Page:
Now listen up, because the next one is a very important concept, appeal to fear. This is probably the best one we’ve got – Remember, Americans live by the motto “Better safe than sorry” – not “Better sorry than bored” or “Better sorry than stupid” or even “Better sorry than unjust”. So if you’re going to describe your opponent’s plan for foreign policy, what word should you use? … That’s right NUKE-EM! The opponent’s plan is dangerous. We can always get away with this because all foreign policy plans are dangerous to some extent – I mean, you can’t rule out that there could be a war in the future, right?
Okay, on to appeal to prejudice. John McCain and Sarah Palin have been relying heavily on this one. Can you idiots name any prejudices in the electorate that we’ve been exploiting? Yes, DontMessWCheney, Obama is black, but I would have expected a three year old to be able to name that one. Clearly we’re not going to let that go by unnoticed. What else? Come on, people, I’ll give you a hint – it kind of sounds like “smiley medicated”. That’s right, STOOPIDS4SARAH, he’s highly educated! and that makes a lot of people suspicious. Sorry, what, libRULZdrool? How do we get people to think he’s both a shiftless lazy black man and an elite overschooled smarty pants at the same time? How do we get people to think he’s a scary African who will rape our white women as well as thinking he’s an effeminate pansy Democrat who will turn our country over to the terrorists? Easy! Write this down : the subconscious is illogical. If we do it right, people will see in the opponent whatever they distrust most….
Allright, who has an example of the Black and White Fallacy? Good grief, DEMSWILLMUGYOU, you’re not supposed to take it literally. We’re not talking about the color of the candidates skin here – is everything about race with you? We’re talking about suggesting that if you’re not for something 100%, you’re 100% against it. We saw a lot of this used to great effect after 9/11 – if you weren’t for dropping some bombs on defenseless civilians, you wanted the terrorists to blow up more American buildings. Gotit? So who has seen some examples in the campaign?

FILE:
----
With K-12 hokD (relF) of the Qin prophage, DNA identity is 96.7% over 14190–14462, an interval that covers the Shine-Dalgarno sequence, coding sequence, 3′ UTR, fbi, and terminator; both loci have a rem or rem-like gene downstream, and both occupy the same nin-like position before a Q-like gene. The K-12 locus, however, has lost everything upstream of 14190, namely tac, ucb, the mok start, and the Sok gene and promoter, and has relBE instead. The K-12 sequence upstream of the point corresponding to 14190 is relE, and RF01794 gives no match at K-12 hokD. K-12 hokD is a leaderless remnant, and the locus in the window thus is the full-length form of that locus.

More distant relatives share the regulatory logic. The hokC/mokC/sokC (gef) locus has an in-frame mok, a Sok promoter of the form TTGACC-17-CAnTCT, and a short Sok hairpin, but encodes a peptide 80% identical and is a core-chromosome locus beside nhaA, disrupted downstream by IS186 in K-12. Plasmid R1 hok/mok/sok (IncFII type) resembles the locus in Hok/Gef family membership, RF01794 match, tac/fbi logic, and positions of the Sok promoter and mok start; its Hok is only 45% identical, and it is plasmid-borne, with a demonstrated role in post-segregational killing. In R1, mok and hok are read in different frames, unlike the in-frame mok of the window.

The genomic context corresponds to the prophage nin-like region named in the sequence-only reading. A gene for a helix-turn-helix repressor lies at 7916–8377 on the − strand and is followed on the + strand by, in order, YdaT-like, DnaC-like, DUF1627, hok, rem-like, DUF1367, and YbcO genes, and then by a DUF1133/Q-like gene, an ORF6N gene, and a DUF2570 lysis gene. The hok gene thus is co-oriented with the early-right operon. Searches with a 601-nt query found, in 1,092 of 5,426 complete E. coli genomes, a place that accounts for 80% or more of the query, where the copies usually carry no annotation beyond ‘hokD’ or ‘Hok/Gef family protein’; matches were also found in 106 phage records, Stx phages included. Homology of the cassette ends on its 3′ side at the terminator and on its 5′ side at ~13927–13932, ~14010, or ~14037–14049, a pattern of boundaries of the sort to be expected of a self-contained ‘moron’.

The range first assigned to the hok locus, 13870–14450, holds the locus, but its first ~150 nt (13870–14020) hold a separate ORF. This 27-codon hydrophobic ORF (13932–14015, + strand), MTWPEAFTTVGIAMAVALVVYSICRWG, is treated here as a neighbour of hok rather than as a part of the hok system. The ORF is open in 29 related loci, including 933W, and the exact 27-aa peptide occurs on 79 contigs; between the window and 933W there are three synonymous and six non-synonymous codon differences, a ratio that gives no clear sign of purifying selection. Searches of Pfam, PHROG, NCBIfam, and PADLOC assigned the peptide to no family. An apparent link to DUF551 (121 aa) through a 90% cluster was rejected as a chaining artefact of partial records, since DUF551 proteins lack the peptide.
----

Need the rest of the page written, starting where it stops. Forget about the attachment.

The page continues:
Wow, look at all those hands. Very nice. We’ll start with you, IcuddleCoulter. Either you want to be in Iraq for as long as McCain says, or you’re raising the white flag of surrender? That’s pretty good, and I’ll tell you, that one works wonders for us. No one wants to be seen as raising the white flag, and most people don’t understand that that notion doesn’t even make sense in the context of this war. Let’s keep it that way. Who else? Yes, outstanding, protectWHITES, to bring up the drilling issue again, we have framed the conservation as “you’re either for offshore drilling, or you’re for dependence on foreign oil and consequently on our cities being blown up.” The left keep bringing up this cute idea of “alternate forms of energy” – when they start talking like that I just like to hum “Camptown Races”….
We’ll end for the day on a technique we had no idea would be so successful, but has been working wonders for us. It’s called Common Man and it revolves around using subtle cues to make the people think the candidate is one of them. We’ve taken it even farther this election and made it even less subtle than we have the last two with Bush. You don’t know what I’m talking about, JOE6PAK? Did you watch the VP debate? Do you think we didn’t choose Palin for a reason? That folksy talk is great, but the winking is genius, it’s genius! We really know how to reach those dirt picking numbskulls.
Your homework, children, is to read the Wikipedia entry on propaganda techniques and the rest of Triptych’s post, and then keep your eyes and ears and emotions ready for the McCain/Palin Propaganda Onslaught.